Kosovo authorities are investigating the desecration Tuesday of a local Jewish cemetery. Swastikas and anti-Jewish slogans were sprayed on tombstones of this old cemetery which was restored less than six months ago.
There are some 50 Jews left in Kosovo. Belonging to three families, or clans, they all live in the city of Prizren, a rare gem of ancient architecture amid a landscape devastated by war, poverty and communist-era concrete.
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Prime Minister Ehud Olmert and Foreign Minister Tzipi Livni nominated Sallai Meridor on Oct. 4 to be Israel's next ambassador to Washington.
Having endured 10 years of oppression and the largest expulsion in Europe since the Holocaust, it is not uncommon to hear the Albanians of Kosovo draw parallels between themselves and Jews.
So it was little surprise to Greta Kacinari that Jews would be among those lending a hand in Kosovo, the war-torn southern province of Yugoslavia.
During my visit to a refugee camp in Macedonia with a group of 16 American Jews last week, a waif-like girl wearing a dusty black-and-red parka stood on her toes to peer into my notebook.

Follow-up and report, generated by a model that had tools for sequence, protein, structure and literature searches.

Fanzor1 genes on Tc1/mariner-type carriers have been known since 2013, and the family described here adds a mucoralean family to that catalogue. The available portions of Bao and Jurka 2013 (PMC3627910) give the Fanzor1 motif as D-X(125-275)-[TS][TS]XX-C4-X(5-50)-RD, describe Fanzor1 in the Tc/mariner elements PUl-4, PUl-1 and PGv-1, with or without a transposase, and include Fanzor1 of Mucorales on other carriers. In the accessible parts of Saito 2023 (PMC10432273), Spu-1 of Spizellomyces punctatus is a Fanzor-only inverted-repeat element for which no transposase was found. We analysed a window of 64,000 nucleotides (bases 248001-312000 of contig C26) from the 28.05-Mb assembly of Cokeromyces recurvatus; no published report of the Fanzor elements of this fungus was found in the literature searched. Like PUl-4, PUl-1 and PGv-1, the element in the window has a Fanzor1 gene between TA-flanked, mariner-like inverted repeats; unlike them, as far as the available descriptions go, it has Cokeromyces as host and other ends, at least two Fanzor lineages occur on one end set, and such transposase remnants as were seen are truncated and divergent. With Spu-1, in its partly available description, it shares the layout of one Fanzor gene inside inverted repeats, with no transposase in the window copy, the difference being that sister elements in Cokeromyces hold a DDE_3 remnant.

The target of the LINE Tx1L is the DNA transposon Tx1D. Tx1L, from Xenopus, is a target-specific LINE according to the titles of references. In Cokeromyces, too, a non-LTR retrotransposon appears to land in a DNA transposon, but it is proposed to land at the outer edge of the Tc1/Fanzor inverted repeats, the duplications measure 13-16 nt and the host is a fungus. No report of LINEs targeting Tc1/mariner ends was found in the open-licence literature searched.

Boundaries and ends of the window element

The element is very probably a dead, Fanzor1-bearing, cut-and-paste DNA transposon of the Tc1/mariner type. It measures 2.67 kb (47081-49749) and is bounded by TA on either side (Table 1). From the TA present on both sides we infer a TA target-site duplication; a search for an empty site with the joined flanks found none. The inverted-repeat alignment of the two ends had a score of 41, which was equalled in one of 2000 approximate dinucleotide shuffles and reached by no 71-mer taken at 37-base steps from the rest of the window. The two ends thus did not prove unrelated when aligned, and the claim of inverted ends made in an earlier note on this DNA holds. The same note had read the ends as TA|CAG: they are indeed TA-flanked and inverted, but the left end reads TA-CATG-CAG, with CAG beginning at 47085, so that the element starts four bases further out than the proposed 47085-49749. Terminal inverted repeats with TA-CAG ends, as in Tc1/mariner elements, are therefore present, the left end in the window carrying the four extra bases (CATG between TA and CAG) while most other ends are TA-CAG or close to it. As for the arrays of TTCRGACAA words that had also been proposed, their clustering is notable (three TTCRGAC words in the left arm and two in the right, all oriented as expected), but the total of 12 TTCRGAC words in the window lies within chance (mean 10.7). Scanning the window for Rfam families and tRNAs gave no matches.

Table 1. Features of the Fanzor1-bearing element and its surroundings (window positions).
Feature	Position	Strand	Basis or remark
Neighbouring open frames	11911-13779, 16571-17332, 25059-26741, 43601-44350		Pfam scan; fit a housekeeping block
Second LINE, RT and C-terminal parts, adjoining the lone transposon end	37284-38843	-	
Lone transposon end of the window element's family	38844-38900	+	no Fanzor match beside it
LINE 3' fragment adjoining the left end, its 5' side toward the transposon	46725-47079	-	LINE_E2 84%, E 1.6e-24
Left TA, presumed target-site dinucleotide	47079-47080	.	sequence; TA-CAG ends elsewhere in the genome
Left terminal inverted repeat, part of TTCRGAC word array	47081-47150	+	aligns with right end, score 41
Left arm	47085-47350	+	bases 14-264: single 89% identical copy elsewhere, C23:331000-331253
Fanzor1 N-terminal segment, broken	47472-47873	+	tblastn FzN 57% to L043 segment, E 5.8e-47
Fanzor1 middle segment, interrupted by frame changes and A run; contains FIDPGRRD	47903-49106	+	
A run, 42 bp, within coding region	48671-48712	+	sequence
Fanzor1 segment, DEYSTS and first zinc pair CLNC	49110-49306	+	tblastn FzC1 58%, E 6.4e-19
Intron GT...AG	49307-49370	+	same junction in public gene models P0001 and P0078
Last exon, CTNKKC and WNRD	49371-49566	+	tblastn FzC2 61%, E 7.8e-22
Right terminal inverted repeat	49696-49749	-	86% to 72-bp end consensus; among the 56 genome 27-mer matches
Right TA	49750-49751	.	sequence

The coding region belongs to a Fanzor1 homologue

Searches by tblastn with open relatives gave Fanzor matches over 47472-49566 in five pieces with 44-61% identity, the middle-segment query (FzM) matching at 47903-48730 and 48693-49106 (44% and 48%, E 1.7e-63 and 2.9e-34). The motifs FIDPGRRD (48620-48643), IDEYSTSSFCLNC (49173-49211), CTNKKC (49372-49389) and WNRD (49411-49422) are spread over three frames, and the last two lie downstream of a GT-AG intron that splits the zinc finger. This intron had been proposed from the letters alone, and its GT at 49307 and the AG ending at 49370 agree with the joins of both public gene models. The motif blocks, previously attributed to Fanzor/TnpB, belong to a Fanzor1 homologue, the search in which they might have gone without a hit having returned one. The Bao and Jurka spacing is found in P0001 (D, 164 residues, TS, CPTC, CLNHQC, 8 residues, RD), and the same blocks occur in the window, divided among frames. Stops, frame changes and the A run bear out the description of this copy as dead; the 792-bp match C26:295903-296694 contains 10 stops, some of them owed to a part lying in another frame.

For the first time in half a century, a Central European Jewish community has taken the lead in helping to rescue a neighboring Jewish community in desperate need.
Soaring above the sea of green and white canvas tents in the dusty, wind-swept Stenkovec refugee camp in Macedonia are a handful of Israeli flags. It is a jarring sight whose incongruity is compounded by the fact that just a stone's throw away are the Germans.
Israelis are divided over NATO's military campaign against Serbia -- and opinions and policy are being informed as much by history and the Holocaust as by current political realities.
It was March 31, the first night of Passover, and his native Yugoslavia was again convulsed by war.
In other circumstances, there would be nothing unusual about busloads of Yugoslavs visiting the capital of their northern neighbor, Hungary.
I always thought that historical perspective helped sharpen the mind by illuminating the choices that loomed ahead. But when I look at the awful state of affairs in Kosovo, I am not so certain that history offers much guidance. Maybe, though, if we try to look at the past freshly and innovatively, we might just find a better solution for Kosovo and its moslem victims than the one President Clinton is offering. More about that later.
It's the festival of freedom, and, once again, Allied warplanes are flying the skies of Europe to stop tyranny and protect the oppressed.
Palestinian leader Yasser Arafat came to town this week, seeking Washington's blessing for Palestinian statehood in return for postponing a unilateral declaration on May 4, when the interim Oslo period expires